In the May 18, 2007 edition of Science (available only to subscribers online), Paul Bloom and Deena Skolnick Weisberg consider why so many adults resist science. They cite a 2005 Pew Trust poll finding that 42% of people believe that humans have existed in their present form since the beginning of time. Most people who do accept evolution misunderstand it. They think that evolution causes animals to have offspring that are “better adapted to their environments.” Silly beliefs are rampant in our society. People believe in out-of-body experiences, ghosts, astrology, ESP and other things far too numerous to mention (for an exhaustive review of many of these claims, see Skeptical Inquirer Magazine).
The authors reviewed developmental psychology and came to some conclusions as to why certain children grow into science-resistant adults.
First of all, it is important to consider the environments of children even before they are exposed to science. The authors point out that babies possess “a rich understanding of both the physical world (a naïve physics) and the social world (a naïve psychology – see here for a bit more on this research).” (Citing Paul Bloom’s 2004 book, Descartes’s Baby). For instance, babies know that objects are solid and that they persist over time. They know that objects fall to the ground when they are dropped. They know that people move “autonomously.”
Although these intuitions are often useful, they “sometimes clash with scientific discoveries about the nature of the world, making certain scientific facts it difficult to learn.” The authors conclude that it is thus not a problem of what the student “lacks, but what the student has.” The belief that objects fall “down” makes it hard to conceive of the world as a sphere.
Another problem is that common sense suggests that everything in the world has a purpose or a design. This is sometimes referred to as “promiscuous teleology.” This makes it difficult for people to accept the principles of evolution.
Children often believe in dualism, the belief that the mind is separate from the brain. Although they might believe that brains solve math problems, children have a hard time believing that brains allow them to do such things as “pretending to be a kangaroo, loving one’s brother or brushing one’s teeth.” This makes it difficult for them to accept what Francis crick called “the astonishing hypothesis”: the fact that mental life can emerge from a physical brain. As the authors point out, these consequent false beliefs come into play in important debates such as the debate of whether stem cell research kills “babies.”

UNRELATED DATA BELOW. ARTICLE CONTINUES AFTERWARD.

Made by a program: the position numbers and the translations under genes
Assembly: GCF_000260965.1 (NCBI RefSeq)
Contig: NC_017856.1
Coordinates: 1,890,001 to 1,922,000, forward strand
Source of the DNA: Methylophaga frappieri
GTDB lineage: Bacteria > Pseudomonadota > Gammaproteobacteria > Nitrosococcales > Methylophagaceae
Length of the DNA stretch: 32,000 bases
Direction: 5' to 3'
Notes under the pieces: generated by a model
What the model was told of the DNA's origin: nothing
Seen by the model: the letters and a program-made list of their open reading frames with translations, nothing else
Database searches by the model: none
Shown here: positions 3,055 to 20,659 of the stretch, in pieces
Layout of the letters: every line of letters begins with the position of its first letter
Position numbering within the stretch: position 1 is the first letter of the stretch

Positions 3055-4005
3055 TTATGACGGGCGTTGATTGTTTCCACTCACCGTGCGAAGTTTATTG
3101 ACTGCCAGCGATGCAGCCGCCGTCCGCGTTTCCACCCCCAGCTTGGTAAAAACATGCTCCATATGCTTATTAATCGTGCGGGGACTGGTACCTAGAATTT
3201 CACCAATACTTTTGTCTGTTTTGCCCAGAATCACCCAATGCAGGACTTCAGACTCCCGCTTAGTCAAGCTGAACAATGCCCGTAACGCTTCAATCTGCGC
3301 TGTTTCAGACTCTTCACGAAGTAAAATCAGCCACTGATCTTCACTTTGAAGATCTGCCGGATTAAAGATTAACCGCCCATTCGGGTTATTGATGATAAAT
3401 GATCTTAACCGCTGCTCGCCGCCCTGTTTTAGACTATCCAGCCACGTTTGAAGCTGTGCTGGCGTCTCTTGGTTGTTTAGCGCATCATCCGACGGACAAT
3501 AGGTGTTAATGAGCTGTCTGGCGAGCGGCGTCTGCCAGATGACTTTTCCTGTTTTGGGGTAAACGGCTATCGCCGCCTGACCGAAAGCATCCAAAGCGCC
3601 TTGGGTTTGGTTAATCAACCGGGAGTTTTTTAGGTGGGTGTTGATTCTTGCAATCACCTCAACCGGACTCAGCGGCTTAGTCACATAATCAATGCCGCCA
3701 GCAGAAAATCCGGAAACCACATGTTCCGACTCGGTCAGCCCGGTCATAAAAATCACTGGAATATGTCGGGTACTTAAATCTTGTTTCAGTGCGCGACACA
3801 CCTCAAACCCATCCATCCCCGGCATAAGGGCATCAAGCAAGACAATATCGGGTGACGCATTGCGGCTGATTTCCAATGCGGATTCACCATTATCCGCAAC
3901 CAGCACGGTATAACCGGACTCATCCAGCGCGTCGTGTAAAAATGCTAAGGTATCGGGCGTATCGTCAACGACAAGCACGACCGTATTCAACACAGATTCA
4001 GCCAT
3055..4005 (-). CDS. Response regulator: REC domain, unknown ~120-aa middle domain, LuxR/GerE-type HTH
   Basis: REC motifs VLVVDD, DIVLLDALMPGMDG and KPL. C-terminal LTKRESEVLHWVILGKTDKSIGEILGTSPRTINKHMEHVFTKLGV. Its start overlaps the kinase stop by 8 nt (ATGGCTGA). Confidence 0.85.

The authors point out that there are significant differences among cultures in resistance to science. Americans resist evolutionary theory much more than the citizens of many other countries. Although nobody goes around saying they “believe in electricity,” (electricity is taken for granted as a useful concept) people do need to go around explicitly elaborating on whether they “believe in evolution.”
When we hear claims that are often disputed, most of us are not able to conduct their own experiments to determine the truth of the claim. Rather, we evaluate the claim’s source. If the source is deemed trustworthy, people will believe the claim, often without really understanding it. Consider, for example, that many Americans who claim to believe in natural selection are unable to accurately describe how natural selection works. This suggests that their belief is not necessarily rooted in an appreciation of the evidence and arguments. Rather, this scientifically credulous subpopulation accepts this information because they trust the people who say it is true . . . the same process of deference holds for certain religious, moral and political beliefs as well.
The authors cite studies showing that people will adopt political positions based merely upon whether they understand that that position is supported by their favored political party. The authors point out that many children rely on the trustworthiness of a source when deciding whether to believe a claim.
Developmental data from children suggest that children will resist science when scientific claims clash with the early emerging intuitive expectations:
This resistance will persist through adulthood if the scientific claims are contested within a society, and it will be especially strong if there is a nonscientific alternative that is rooted in common sense and championed by people who are thought of as reliable and trustworthy. This is the current situation in the United States, with regard to the central tenets of neuroscience and evolutionary biology . . . hence, these fields are among the domains where Americans resistance to science is the strongest.
This article suggests the importance of having science literate people in positions of visibility and power. In my mind, this article points out an often unappreciated way in which the presidency of George W. Bush has devastated the cause of free and vigorous scientific inquiry in the United States. The article also suggests the importance of cultivating a guilt free sense of critical thinking among children.